07 March 2006

Mazeppa comes to the Met

Tchaikovsky MAZEPPA, Met (opera premiere) 06.III.2006; c. Gergiev; Guryakova, Diadkova, Balashov, Putilin, Burchuladze, Glassman.

Mazeppa doesn't have the lyrical polish associated with Tchaikovsky's more renowned operas Eugene Onegin and Queen of Spades. In the hands of the gruff Maestro Valery Gergiev, the opera reaches the Met with a thoroughly Russian flavor: dour, gray skies looming over every scene, nonetheless bombastic and brimming with fight. Gergiev transforms the usually urbane Met orchestra into a rusty farm tractor, which in this instance is not entirely inappropriate. The relentless rough and tumble energy emanating from the pit is exciting if a bit exhausting.

The title role of Mazeppa is sung powerfully by Nikolai Putilin, easily his best work at the Met to date. Likewise, the basso Paata Burchuladze, unmemorable elsewhere, turns in an affecting Kochubey. The home "turf" advantage continues with Larissa Diadkova, who as Lyubov produces a creamy, even grade A dramatic mezzo with more healthy heft than in recent outings. Oleg Balashov has a pint-sized tenor, which doesn't make an impression till the third act, when he achieves a surprisingly sympathetic Andrei, via a voice overcome by sweetness and desperation. As Maria, Olga Guryakova showcases an exquisite lyric soprano with a significant dramatic bent: expressive, beautiful, smooth and solid as a polished pearl, appropriately sized, easy top held up by an honest lower middle to chest: unlike a significant number of Russian singers populating the rosters of many major companies, she deserves the international career she has (and more). The Met should engage her in lyric Verdi (e.g. Luisa Miller, Trovatore Leonora).

Finally, the design team, led by Yuri Alexandrov (who debuts with this production), put together the worst thing I've ever seen on the Met stage. (See some photos here.) There are columns and huge carpets and statues and a faux proscenium whose top moves up and down to signify nothing but the lack of ideas and any sense of beauty. I've never seen so much red and gold in my life, for sure: folks in red costume in a red set flooded by red light (and the same for gold). Beyond Broadway, even. Moreover, the choreography and stage direction are amateurish and mostly meaningless, and detracted from the seriousness and majesty of Tchaikovsky's brooding masterpiece, as well as from the cast's magnificent vocal performance. Certainly a tremendous waste of Met resources and talent. That kind of utter crap isn't for this stage and this company. The design team should have gotten much louder boos than that.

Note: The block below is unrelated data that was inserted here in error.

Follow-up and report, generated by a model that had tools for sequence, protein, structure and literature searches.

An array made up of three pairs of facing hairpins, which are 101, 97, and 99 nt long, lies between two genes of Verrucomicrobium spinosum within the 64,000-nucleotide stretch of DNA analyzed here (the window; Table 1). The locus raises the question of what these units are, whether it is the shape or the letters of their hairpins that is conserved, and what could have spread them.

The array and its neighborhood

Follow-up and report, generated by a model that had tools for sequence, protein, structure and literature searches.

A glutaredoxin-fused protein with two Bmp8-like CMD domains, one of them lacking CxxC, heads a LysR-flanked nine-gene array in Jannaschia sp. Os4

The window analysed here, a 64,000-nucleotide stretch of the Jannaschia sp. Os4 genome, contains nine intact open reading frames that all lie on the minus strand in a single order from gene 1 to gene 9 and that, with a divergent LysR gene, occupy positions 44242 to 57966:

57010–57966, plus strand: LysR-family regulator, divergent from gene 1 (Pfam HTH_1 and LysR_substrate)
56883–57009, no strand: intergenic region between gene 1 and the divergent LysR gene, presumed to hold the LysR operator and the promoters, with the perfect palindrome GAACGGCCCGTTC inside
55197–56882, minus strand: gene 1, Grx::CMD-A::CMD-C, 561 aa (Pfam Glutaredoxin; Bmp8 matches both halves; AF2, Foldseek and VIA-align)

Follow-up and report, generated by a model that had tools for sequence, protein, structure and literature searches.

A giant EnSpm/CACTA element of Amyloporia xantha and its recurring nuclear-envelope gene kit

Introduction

From the blogosphere, Maury writes a more enthusiastic and thoroughly hilarious report about the production: "All I can say is it was like you were playing a Ukrainian history themed pinball machine and you hit the ball in the little hole all the way up top and got 100,000 points." Depends, of course, on how much pinball you like in your opera. I don't; some do. Meanwhile, Alex Wellsung argues passionately for another look: "(T)he connections are often dim, the colors are impetuous and sometimes maddening, the textures veer wildly between the opulent and the cheap...did I mention we're in Russia? Exactly. This is stagecraft that smuggles itself piece by piece into your brain then suddenly congeals and steps on all your neurons at once." I can't argue with any of that, except that I personally don't like anything congealing in my neurons without my permission.

As for the print media, mild-mannered Tony Tommasini of the NYT lets out his inner queen and fillets the production like I've never seen before: "(I)t is cluttered with symbolism and, for all its pomp and glitter, rather trashy looking. Seemingly intent on showing the story as a parable for the continuing sectarian strife of greater Russia, Mr. Alexandrov has given the opera an intergalactic gloss. Was George Lucas a design and concept consultant?" And over at the NY Sun, Fred Kirshnit tells of "a decapitation wherein the head of the paterfamilias is bounced the entire length of that slanted set and caught with the agility of a soccer goalie by our heroine, Maria. (If she had missed, the noggin might have ended up in the bell of the tuba.)," and goes on to say that "(a)ll that was missing were the Rockettes. In fact, a patron could watch this entire show and never once be distracted by the music."

An interesting cartography of the murky border between failure and flop appears in David Patrick Stearns' review in the Philadelphia Inquirer: "The production isn't a failure so much as it's a flop. As defined by theater historian Ken Mandelbaum, flops have their brilliant streaks that make bad decisions look worse, and often the purity of good intentions. This isn't some gleefully perverse take on an opera, but a sincere, if Donald Trump-style, effort to bring an undeservedly obscure opera to mainstream audiences." Therefore, in true Donald Trump-style, someone has got to get fired for such a "spectacular flop."